February 2020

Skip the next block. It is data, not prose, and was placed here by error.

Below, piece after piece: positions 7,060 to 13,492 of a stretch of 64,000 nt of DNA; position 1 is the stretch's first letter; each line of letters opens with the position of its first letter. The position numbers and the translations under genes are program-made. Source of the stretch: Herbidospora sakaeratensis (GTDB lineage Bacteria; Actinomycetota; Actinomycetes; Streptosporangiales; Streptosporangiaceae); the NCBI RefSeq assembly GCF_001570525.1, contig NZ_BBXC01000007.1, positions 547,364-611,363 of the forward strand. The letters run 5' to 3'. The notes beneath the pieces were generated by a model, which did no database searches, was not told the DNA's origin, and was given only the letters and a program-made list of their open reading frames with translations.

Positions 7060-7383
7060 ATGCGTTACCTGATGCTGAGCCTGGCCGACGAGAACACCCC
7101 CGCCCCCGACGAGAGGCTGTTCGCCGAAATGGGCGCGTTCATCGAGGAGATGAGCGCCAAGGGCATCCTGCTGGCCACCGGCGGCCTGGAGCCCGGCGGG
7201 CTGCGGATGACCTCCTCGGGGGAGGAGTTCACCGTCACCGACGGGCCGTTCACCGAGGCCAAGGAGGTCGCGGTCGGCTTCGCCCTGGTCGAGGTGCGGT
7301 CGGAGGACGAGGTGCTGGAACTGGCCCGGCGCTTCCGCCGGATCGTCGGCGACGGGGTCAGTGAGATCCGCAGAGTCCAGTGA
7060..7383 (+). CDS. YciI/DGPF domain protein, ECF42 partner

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F E B R U A R Y 2 0 2 0 | 49 Spyhill Services Centre – Calgary Police Service P H OTO G R A P H Y BY J O EL K L A SS EN (TO P)/CO U RT E SY S TA N T EC A RC H I T EC T U R E LT D.; L AT I T U D E P H OTO G R A P H Y (C EN T R E)/CO U RT E SY C A N A CO N S T RU C T I O N LT D. SPYHILL SERVICES CENTRE – CALGARY POLICE SERVICE by ROBIN BRUNET F rom the exterior, a new facility nearing completion in Calgary's Spyhill district could easily pass for a secondary school, with the abun- dant glazing of the two-storey main building and what seems like an adjoining gym. In fact, this is Calgary Police Service's Spyhill Services Centre, and what seems like a gym is a deten- tion centre, with security throughout being world-class: just ask the police squad that was engaged to try and wreck the facility. The Spyhill Services Centre replaces the 60-year-old arrest pro- cessing facility in downtown Calgary. "When we undertook the design of the project about seven years ago, Spyhill was a far more economically-feasible area in which to develop compared to Calgary's downtown core," says Jennifer Lessard, staff sergeant for the Calgary Police Service and operational lead for the project. The new facility includes 47 indi- vidual holding cells designed with suicide mitigation measures; two bail hearing rooms; lunch room, meeting rooms, gym, a meditation room and offices for staff; a green roof, high- efficiency mechanical components, and other sustainable features. Peggy Flanigan, senior manager in charge of infrastructure services for Calgary Police Services, notes that Stantec Architecture Ltd. tack- led the challenges of the new facility after a blueprint for the broader site was developed in 2013. "Our goal was to leverage leading-edge knowledge on how to build a detention facility that is reliable and resilient, but also psychologically calming to staff and detainees," she says. Enzo Vicenzino, VP at Stantec Architecture Ltd., says, "On one hand we wanted a good portion of the facil- ity to be welcoming and inviting, but another portion obviously had to be very secure, and it was vital that the processing and detention components be segregated to prevent male, female, juvenile, and other detainees from crossing paths." These mandates led to outcomes that were both logical and surprising. "For example, we presumed the staff gym, lunch, and meditation rooms would be located in a basement," says Flanigan. "But the architects located these areas on the second floor in order to access views of the Rocky Mountains." A surprising outcome was the colour scheme Stantec employed, based on extensive input from user groups and other sources. "We were certain the psychologically calming colours would be shades of blue or other hues, but crèmes and white turned out to be the best choice," says Flanigan. Natural light penetration into the holding cells was deemed yet another calming component, so Stantec incor- porated clerestory windows around the upper perimeter of the detention cen- tre; this enables light to spill into the corridors and through the large win- dows in the doors of each holding cell. Flanigan adds, "Inside, the pro- cesses of booking, medical, and the taking of the detainee's effects were carefully arranged by Stantec to flow in one direction – no doubling back." CANA Construction Ltd. broke ground on the greenfield site towards the end of 2017. The detention facility was made of precast concrete pan- els for security as well as speed of erection; the staff building was steel frame, and both facilities received separate mechanical systems because of different venting requirements. "Our building envelope earned the most LEED points, as well as our green roof and the many high-efficiency building systems," says Vicenzino. But by far the most remarkable aspect of the project was Calgary Police Services' unique method of testing the detention centre for its resiliency. "On December 10 of last year, when the facility was nearly com- pleted, we brought in 30 undercover officers and gave them 10 minutes to bust everything up as severely as possible," says Lessard. "While the building was mainly secure, they managed to kick down a few doors and break through drywall. They even accessed the vents in the roof." This enabled Stantec and CANA to review the damage and employ dif- ferent materials where required (such as stainless steel benches replaced by concrete benches, as harmful pieces of steel were broken off of the former). Given that Spyhill's residential neighbourhood will eventually expand, Vicenzino is especially satisfied with the staff component of the Services Centre. "A lot of the buildings we've designed for the City of Calgary are open and wel- coming, and this is no exception: you can see right into it," he says. Flanigan concludes, "This is a once in a lifetime building for us, designed to last at least 60 years – and we're very much looking forward to a spring opening." A LOCATION 12500 85 Street NW, Calgary, Alberta OWNER /DEVELOPER Calgary Police Service ARCHITECT/STRUCTUR AL CONSULTANT Stantec Architecture Ltd. GENER AL CONTR ACTOR CANA Construction Ltd. MECHANICAL CONSULTANT TYZ Engineering ELECTRICAL CONSULTANT MP&P Engineering CIVIL CONSULTANT Jubilee Engineering Ltd. TOTAL SIZE 49,000 square feet TOTAL COST $25 million 12:20 PM 12:19 PM

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